Sunday, September 30, 2012

September 2012 - Interesting Links

* Srivathsan, A (2012): SMALL IS BIG FOR INDIA'S BOOMING RETAILS SECTOR, The Hindu, 30 Sep 2012 -

* Madhukar, CV (2012): MEDIA COVERAGE OF THE PARLIAMENT, Manushi, 20Sep12 - URL -

* 'Micchami Dukkadam' (18 Sep. 2012, Tata MF)

-On the final day of Paryushan is Samvastsari Pratikraman (ritual for washing away sins). Jains seek forgiveness from all the creatures whom they may have harmed knowingly or unknowingly by uttering the phrase— Micchami Dukkadam. It means "If I have caused you offence in any way, knowingly or unknowingly, in thought, word or deed, then I seek your forgiveness". No private quarrel or dispute may be carried beyond Samvatsari, and traditionally, letters have been sent and telephone calls made to friends and relatives asking their forgiveness.

* Raghavan, BS (2012): No Point in Picking on Denmark, BL 19Sep12 -
- Denmark ranks 19th among foreign investors in India, with a direct investment during 2010 of $231 million. India’s own commodity exports to Denmark totalled $992 million in 2011.
-  it has 80 companies already operating in India, with 20 or more in Tamil Nadu alone, although Kerala, Maharashtra and Rajasthan are the preferred destinations.

* Shourie, Arun (2012): ‘For 15-20 years now, we have been attending the elongated funeral rites of the parliamentary system’, Indian Express, 18Sep12 -

* Obe, Mitsuru (2012): THIRST FOR ENERGY SHAPES JAPAN’S TIES, WSJ, 4Sep12, url -
- LNG from Qatar, Malaysia, Australia
- Imports 90% of its crude; 25% of LNG

* Anand, Geeta (2012): A WOMAN’S UNTREATABLE TB ECHOS GLOBALLY, WSJ, 8Sep12, url -

* Hoshi, Takeo and Anil Kashyap (2012): A PLAN TO REVIVE JAPAN, WSJ 11Sep12, url -
- National Institute of Research Advancement (NIRA)
- Inefficiencies...postal addressing system...a confusing algorithm ensures that adjacent buildings in cities do not have consecutive addresses

* Krishnakumar R (2012): REPLACEMENT MIGRATION, Frontline, 21Sep12, url -
- Kerala emigrants - 2.28m abroad; 1.5m returned; 3.43m non-resident-Keralites; 9.31m Keralite in other states
- Average wage of unskilled laborer in Gulf - Rs.11,484;
- Daily wage in Kerala - Rs.450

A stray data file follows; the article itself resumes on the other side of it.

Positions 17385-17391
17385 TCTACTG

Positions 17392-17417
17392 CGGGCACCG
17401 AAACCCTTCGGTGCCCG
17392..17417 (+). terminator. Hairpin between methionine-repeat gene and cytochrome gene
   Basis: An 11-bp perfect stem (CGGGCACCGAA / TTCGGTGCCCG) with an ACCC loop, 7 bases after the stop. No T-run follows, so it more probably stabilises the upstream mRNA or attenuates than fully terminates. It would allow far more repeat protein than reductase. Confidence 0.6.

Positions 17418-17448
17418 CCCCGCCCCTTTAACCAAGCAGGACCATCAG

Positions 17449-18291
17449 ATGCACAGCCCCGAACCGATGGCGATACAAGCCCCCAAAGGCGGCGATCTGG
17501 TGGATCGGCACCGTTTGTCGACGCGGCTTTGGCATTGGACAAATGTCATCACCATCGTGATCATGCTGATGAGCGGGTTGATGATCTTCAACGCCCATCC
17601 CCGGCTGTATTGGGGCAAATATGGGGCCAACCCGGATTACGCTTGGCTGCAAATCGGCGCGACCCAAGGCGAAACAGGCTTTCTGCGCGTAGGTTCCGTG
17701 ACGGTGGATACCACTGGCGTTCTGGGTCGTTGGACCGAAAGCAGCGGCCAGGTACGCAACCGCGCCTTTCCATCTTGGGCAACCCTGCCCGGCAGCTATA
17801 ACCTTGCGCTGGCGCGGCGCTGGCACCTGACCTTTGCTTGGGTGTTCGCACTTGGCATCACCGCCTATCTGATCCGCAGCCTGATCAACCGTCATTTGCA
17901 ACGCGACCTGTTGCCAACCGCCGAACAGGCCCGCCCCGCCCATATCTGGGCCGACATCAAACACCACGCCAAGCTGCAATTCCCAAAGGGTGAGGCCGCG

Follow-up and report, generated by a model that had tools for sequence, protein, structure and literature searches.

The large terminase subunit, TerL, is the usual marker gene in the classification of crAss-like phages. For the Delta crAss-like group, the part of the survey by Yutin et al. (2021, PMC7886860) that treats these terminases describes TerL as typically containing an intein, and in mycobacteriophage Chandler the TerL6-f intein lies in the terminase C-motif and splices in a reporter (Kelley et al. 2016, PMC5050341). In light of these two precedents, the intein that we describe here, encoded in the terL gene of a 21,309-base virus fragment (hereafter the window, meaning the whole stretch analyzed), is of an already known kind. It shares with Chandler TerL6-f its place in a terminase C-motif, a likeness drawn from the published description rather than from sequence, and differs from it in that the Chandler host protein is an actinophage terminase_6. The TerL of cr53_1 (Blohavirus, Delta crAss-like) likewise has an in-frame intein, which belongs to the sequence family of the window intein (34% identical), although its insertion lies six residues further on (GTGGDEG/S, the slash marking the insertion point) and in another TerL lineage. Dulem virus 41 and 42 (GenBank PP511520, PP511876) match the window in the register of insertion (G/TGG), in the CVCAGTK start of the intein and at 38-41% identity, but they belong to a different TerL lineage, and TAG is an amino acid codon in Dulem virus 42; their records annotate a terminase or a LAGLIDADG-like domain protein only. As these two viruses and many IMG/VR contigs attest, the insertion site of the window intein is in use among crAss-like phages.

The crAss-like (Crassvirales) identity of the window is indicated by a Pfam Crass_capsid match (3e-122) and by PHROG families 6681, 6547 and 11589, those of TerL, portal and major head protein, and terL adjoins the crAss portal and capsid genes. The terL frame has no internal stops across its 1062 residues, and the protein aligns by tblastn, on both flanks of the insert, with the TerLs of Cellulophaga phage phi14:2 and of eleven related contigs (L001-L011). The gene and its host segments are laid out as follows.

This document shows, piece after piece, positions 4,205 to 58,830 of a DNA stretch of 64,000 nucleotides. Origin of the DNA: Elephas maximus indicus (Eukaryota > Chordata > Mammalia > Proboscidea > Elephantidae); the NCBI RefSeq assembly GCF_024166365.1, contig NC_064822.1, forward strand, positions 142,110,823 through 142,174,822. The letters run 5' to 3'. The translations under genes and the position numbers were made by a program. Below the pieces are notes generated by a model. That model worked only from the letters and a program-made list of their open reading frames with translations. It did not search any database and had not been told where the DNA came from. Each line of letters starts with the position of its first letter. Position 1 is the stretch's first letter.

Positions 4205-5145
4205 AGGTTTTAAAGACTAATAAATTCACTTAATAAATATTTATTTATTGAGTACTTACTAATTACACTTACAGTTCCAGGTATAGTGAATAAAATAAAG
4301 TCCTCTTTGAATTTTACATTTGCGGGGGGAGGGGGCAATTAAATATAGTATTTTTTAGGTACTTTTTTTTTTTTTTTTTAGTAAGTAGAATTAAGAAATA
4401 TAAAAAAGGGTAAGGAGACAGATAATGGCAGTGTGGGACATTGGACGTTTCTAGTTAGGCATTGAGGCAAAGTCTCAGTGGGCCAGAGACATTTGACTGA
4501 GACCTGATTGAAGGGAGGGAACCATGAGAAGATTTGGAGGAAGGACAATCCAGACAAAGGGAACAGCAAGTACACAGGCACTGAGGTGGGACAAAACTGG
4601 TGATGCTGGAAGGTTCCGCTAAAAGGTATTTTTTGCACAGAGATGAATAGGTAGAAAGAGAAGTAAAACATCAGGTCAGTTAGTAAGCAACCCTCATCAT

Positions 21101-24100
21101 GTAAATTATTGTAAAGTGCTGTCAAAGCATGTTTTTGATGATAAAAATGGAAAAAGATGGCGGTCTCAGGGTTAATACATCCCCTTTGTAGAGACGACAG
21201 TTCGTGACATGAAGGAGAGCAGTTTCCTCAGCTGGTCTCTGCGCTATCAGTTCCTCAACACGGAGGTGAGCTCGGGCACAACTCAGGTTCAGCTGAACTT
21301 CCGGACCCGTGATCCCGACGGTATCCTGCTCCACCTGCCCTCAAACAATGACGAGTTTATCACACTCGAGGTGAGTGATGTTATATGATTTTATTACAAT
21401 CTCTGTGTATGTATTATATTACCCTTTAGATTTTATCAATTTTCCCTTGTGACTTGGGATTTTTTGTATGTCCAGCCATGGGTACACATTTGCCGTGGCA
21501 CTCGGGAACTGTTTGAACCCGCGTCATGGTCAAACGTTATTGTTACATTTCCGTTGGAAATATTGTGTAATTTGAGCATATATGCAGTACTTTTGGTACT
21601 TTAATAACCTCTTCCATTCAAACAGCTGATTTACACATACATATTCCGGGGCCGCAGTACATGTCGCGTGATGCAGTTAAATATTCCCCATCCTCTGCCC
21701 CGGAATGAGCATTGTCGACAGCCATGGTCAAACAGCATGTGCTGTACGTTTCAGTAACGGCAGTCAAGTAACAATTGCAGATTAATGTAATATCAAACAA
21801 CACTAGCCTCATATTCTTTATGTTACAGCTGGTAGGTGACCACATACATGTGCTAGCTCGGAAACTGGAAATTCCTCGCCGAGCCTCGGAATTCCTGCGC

* Hampaiah, Ralladoddi (2012): EVERYONE IS STEALING GERMPLASM, Down to Earth, 1-15Sep12, pp23, url -
- Bt Cotton germplasm comes from ARAU, Hyderabad’s “Narasimha” breed - taken from Mahanandi village in Kurnool dist. by Monsanto
- Ongole bull

* Suchitra, M (2012): STENCH IN MY BACKYARD, Down to Earth, 1-15Sep12
- Garbage disposal and protests from Vilappilshala village near Trivandrum

* Economist (2012): Obituary - ROGER FISHER, Economist 15Sep12, url -
- lawyer, teacher, peace-maker
-  In any negotiation, he wrote—even with terrorists—it was vital to separate the people from the problem; to focus on the underlying interests of both sides, rather than stake out unwavering positions; and to explore all possible options before making a decision. The parties should try to build a rapport, check each other out, even just by shaking hands or eating together. Each should “listen actively”, as he always did, to what the other was saying. They should recognise the emotions on either side, from a longing for security to a craving for status. And they should try to get inside each other’s heads.
- For those who found his principles too idealistic, he could point to age-old haggling tricks he also recommended: pretending not to be interested, refusing to react to pressure, being prepared to walk away.

* Nagral, Sanjay (2012): DOCTORS IN ENTREPRENEURIAL GOWNS, EPW 8Sep12, url -

* Ito, Joichi (2012): MIT MEDIA LAB - Program on NHK, url - //

Wednesday, September 19, 2012

Who was Kihota Hollohan?

At the core of numerous 'landmark judgments' passed by the Supreme Court of India, are individuals who stood up against the system and ended up re-defining the Indian Constitution.